The affects of local purchasing on
the geopolitical landscape

One experiment on Bainbridge Island has been to build a community Internet site for local commerce to reduce the impact global marketing through the internet. On Bainbridge Island, we have a community oriented web site that represents the interests of the community rather than those of the global marketers and international corporations.

The role of this community site is to first connect the community with itself and its assets rather than to draw attention away from local solutions to global commerce. Local community relationships are undercut every time advertising artificially moves dollars into transnational corporations. Community is important to a healthy geopolitical landscape. The internet itself creates invisible communities, not connected in any geopolitical way, but very important to their participants.Citation from Pugh Research Institute on importance of community

We are now in the process of establishing "new trade routes" through the internet. The owners of these new trade routes, high speed internet pipes (the AT&T's) and the owners of the "Portals" (Amazon's) will become a retail store in the living rooms of every house in the nation reshaping the economies of small towns the world over. Every time you push a button that leads to a sale, the "account" that owns the button gets six to 20% of the price of the sale as a commission. The chamber of commerce and city councils can be "bought" by global commerce, turned away from the very communities they serve, if they are cut into this source of revenue. Each purchase decision then draws attention away from the local community and the relationships between a two neighbors who choose to do business with each other. On Bainbridge Island, we want to create a way for shoppers to look first to their own community, to support their neighbors and their local businesses. We expect that some of the five million dollars in tax revenue that now is lost to our local community will be recaptured as part of the sixty million dollars of the annual internet sales that currently takes place here is returned to our local community.

Redefining a Global Economy

"Give a man a fish, feed him for a day. Teach him how to fish, feed him for life."
Let's rewrite that in current terms.

In the face of GATT & NAFTA and a thousand points of light we are consolidating our base of economy into large sectors of control and corporations. This creates an efficient money machine for those in control of the "trade routes" but centralization creates a fragile system. It is subject to the rise and fall of the influences of the stock market and various catastrophes that can interrupt distribution network, political influences and natural disasters.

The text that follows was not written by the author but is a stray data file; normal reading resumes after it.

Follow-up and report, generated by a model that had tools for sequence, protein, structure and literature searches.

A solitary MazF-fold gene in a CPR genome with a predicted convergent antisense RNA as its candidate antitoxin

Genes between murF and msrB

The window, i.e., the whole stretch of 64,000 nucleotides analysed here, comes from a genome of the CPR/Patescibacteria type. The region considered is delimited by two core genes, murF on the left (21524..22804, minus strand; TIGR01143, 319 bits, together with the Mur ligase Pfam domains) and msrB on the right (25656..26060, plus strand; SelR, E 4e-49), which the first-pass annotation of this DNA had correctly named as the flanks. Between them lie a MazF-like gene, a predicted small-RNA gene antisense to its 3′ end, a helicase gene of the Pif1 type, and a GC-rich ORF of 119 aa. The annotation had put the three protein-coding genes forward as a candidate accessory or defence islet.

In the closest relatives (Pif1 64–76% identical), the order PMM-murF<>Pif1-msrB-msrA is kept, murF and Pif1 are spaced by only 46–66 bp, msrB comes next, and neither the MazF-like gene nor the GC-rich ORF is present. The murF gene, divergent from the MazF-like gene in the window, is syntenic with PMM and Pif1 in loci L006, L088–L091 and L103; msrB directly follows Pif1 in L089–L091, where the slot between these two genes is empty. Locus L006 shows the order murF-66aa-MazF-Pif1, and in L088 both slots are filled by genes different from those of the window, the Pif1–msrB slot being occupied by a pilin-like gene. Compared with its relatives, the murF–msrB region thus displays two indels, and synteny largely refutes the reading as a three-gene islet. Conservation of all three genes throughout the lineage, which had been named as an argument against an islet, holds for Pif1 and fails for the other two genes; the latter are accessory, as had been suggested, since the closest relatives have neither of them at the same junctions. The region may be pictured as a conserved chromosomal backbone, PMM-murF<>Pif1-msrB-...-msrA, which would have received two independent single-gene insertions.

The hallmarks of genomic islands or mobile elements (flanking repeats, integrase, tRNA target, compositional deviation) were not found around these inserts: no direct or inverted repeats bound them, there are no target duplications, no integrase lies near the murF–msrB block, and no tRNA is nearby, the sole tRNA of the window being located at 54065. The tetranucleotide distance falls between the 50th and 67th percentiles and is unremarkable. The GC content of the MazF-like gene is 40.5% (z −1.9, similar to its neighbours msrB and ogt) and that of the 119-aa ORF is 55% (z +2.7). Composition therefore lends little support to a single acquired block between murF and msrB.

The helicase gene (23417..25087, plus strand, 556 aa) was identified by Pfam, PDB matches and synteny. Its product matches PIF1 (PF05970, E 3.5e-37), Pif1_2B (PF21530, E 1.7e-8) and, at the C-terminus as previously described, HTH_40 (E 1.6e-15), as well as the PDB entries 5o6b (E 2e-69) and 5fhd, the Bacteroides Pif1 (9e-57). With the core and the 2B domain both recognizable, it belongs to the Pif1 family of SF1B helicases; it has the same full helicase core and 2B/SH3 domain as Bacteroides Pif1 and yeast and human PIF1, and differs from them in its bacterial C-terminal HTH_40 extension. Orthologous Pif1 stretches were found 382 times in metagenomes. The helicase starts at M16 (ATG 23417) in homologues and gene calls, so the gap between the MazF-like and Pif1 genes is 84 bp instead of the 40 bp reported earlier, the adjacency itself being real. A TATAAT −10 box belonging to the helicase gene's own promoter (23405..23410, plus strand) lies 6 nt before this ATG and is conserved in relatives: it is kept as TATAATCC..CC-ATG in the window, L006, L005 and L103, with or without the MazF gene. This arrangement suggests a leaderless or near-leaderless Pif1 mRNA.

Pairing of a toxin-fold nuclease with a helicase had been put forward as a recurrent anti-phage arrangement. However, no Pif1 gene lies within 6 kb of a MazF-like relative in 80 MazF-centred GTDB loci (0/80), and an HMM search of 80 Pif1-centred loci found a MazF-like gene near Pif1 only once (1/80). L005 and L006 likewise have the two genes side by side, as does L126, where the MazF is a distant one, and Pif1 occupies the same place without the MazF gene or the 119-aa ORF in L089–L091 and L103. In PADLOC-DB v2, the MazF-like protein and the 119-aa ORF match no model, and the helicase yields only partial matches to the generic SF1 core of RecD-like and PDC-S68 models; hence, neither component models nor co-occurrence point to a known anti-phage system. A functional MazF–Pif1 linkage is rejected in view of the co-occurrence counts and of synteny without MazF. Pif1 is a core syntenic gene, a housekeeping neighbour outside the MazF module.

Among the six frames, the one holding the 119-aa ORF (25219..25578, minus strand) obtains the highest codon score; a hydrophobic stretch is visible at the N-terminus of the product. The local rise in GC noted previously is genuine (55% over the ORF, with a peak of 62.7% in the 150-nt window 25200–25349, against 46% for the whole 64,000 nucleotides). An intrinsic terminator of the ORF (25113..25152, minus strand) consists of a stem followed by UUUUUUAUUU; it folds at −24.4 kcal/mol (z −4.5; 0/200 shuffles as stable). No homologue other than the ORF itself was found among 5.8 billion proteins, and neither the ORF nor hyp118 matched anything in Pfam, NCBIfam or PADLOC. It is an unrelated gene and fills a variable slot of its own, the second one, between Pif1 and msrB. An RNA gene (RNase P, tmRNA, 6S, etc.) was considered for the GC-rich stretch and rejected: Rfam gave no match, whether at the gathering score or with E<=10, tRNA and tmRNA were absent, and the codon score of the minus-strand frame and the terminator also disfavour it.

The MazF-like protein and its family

Centralization therefore creates the seeds of its own destruction. Diversity is known to be the key to survival. As we lose diversity, we become more vulnerable to disasters of any kind.

Centralization creates and reinforces its own, the impetus to yet more centralization. The higher up the ladder you go in business the more you will run into controlled marketing and distribution mechanisms all geared to control a market through the exclusion of others. What would happen if we had an open and free distribution network that could not be owned?

This can happen through a community internet project. This project could be a site for a small community or a collection of small community sites tied together into a larger community. Think globally act locally, then join hands. What is needed to accomplish this is a formula (not a template) for community that is universal in nature. Eventually the structure and concepts learned here at Bainbridge Is. Community Network will be given away with the condition that it needs to be owned collectively by the participants and open to all. (The development of Linux, a free operating system whose source code is given away and threatens Microsoft Windows is an example of what is possible). "Local trade communities" function locally but can connect to others like themselves into greater trade communities as the need arises. This will have the net affect of building stronger more self sufficient local economies that can also participate in bigger global market places. The money that would go out to perpetuating large corporations and share holders will return to the local economy. Our model works. Getting it out into the world without having it owned is the hard part, most of the structure and knowledge for what I described above exists.

If projects like this do not succeed you will see the gulf developing between the haves and the have-nots in this world grow ever wider and the bulk of the middle class move closer to the bottom of the scale. You will see the death of small town retail cores and a society that becomes ever dependent on a global marketing and distribution system that can fail catastrophically.

What Bainbridge Island Community Network does is use technology and the internet to support and develop buying locally.

Sincerely, Dave Henry

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Updated Dec. 9, 2001
Copyright 2001 - David Henry
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